Dear Jeremy Hunt

Dear Jeremy Hunt,

This week has seen the NHS, and the junior doctors who work tirelessly for it, take a much-needed stand against you and your ridiculous policies. And I’m not entirely sure that you care?

On Tuesday, there was the first of three planned strikes. The decision to strike is one that would not have been taken lightly by any of the doctors, but one they deemed so important that operations were cancelled and appointments rescheduled. I don’t work for the NHS, and I am not up to speed with all of the ins and outs of the debate, but as a mum of two sick little boys, I know the NHS and all of those who work within it are vital. And I know that it is at breaking point.

I’ve been sat, with my middle child, throughout many nights in hospital and over many weekends and I honestly do not know how all of the staff do what they do. From the nurses who remained upbeat and supportive when I sobbed on them at 1am, to doctors who came when called at 3am and were able to perform emergency operations and procedures. Their strength and dedication is inspiring. These people deserve more respect than you are giving them, and the NHS needs to be treated with the compassion with which its employees treat their patients.

Junior doctors are overworked, underpaid and disillusioned and you need to start listening. Are you really so stubborn that you will not budge even a little bit when so many people, people who live and breathe the NHS and know exactly what they are talking about from first hand experience, are telling you LOUD AND CLEAR that your proposals are ludicrous? Not just ludicrous, but dangerous. That they will undoubtedly put more lives at risk, and not just at the weekend.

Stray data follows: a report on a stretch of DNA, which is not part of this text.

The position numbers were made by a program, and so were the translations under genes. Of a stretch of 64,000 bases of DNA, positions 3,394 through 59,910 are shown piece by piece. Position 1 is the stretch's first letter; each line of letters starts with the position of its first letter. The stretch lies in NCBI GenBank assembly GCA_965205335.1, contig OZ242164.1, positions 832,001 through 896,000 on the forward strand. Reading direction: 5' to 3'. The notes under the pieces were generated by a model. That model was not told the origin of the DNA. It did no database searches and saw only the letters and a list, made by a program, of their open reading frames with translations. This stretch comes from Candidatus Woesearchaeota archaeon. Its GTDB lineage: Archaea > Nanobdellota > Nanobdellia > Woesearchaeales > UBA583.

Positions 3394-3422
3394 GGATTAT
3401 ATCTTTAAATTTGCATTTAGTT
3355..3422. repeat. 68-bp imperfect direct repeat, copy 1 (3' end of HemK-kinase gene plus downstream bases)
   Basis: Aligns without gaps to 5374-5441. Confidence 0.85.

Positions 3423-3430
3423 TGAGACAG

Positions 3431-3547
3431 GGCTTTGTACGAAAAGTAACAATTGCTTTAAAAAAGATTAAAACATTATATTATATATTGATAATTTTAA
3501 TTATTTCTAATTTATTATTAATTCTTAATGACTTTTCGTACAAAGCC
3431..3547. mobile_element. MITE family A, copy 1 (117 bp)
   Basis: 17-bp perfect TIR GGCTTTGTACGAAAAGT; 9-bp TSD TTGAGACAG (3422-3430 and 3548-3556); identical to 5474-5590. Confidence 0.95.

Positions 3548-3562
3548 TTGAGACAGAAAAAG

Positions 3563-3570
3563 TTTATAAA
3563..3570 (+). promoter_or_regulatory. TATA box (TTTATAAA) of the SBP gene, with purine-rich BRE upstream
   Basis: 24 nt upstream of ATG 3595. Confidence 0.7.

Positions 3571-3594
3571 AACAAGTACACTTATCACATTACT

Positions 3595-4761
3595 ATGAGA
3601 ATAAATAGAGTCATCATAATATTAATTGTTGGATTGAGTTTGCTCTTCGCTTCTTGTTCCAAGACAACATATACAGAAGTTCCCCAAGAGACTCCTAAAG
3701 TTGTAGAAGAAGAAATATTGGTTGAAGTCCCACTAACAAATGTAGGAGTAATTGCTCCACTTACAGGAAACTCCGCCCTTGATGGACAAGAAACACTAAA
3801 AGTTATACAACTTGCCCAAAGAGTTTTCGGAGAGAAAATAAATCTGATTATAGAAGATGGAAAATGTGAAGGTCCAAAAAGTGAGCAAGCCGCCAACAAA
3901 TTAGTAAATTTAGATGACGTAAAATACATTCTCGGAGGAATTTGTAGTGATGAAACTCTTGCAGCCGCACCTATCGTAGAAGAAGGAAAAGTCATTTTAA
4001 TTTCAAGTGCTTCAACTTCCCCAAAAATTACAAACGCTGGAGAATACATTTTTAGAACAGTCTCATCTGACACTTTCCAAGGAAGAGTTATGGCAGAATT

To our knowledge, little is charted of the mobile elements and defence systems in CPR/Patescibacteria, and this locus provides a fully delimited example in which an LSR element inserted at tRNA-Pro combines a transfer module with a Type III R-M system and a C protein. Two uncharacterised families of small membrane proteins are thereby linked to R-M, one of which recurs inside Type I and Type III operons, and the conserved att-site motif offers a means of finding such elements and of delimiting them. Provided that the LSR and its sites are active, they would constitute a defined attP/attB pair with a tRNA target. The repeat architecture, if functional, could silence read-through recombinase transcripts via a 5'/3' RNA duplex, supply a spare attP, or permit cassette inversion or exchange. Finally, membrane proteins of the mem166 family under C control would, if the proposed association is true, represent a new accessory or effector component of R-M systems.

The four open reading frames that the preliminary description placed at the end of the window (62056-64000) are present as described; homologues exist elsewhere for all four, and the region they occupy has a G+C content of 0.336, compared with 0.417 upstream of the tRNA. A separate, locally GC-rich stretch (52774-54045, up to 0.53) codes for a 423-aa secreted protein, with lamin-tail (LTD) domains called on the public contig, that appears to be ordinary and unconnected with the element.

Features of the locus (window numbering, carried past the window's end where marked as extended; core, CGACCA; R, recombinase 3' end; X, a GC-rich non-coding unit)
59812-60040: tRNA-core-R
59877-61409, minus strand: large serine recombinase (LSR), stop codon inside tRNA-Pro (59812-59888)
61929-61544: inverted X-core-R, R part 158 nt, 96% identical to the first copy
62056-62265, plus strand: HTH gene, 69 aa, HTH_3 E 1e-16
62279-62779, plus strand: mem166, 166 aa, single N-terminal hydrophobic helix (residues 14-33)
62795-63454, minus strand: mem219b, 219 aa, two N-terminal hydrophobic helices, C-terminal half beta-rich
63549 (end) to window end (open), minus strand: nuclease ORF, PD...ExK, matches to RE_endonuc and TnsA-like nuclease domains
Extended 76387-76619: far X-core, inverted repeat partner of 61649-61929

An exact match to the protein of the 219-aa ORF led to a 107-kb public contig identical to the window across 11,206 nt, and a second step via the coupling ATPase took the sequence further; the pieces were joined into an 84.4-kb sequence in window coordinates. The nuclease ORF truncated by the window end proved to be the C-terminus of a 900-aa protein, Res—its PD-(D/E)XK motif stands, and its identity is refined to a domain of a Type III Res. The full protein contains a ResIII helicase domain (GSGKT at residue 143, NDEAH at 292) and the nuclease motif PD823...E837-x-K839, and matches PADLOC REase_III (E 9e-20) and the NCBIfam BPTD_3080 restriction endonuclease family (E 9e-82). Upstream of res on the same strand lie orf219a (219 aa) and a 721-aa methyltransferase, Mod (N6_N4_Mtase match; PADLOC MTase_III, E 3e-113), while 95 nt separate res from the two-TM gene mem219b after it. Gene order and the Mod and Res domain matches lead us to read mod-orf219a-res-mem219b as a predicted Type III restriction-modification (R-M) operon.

My middle son owes his life to the NHS and not to private medical care, which failed to diagnose bronchiectasis for three years to the point where he needed two thirds of a lung removed. You need to inject money into the NHS and you need to find a way to do it now.

View it with the importance it so rightly deserves. Those underpaid junior doctors save lives everyday.

And one day, it may very well be you who needs them.

Yours sincerely, Me.


By Jen Faulkner

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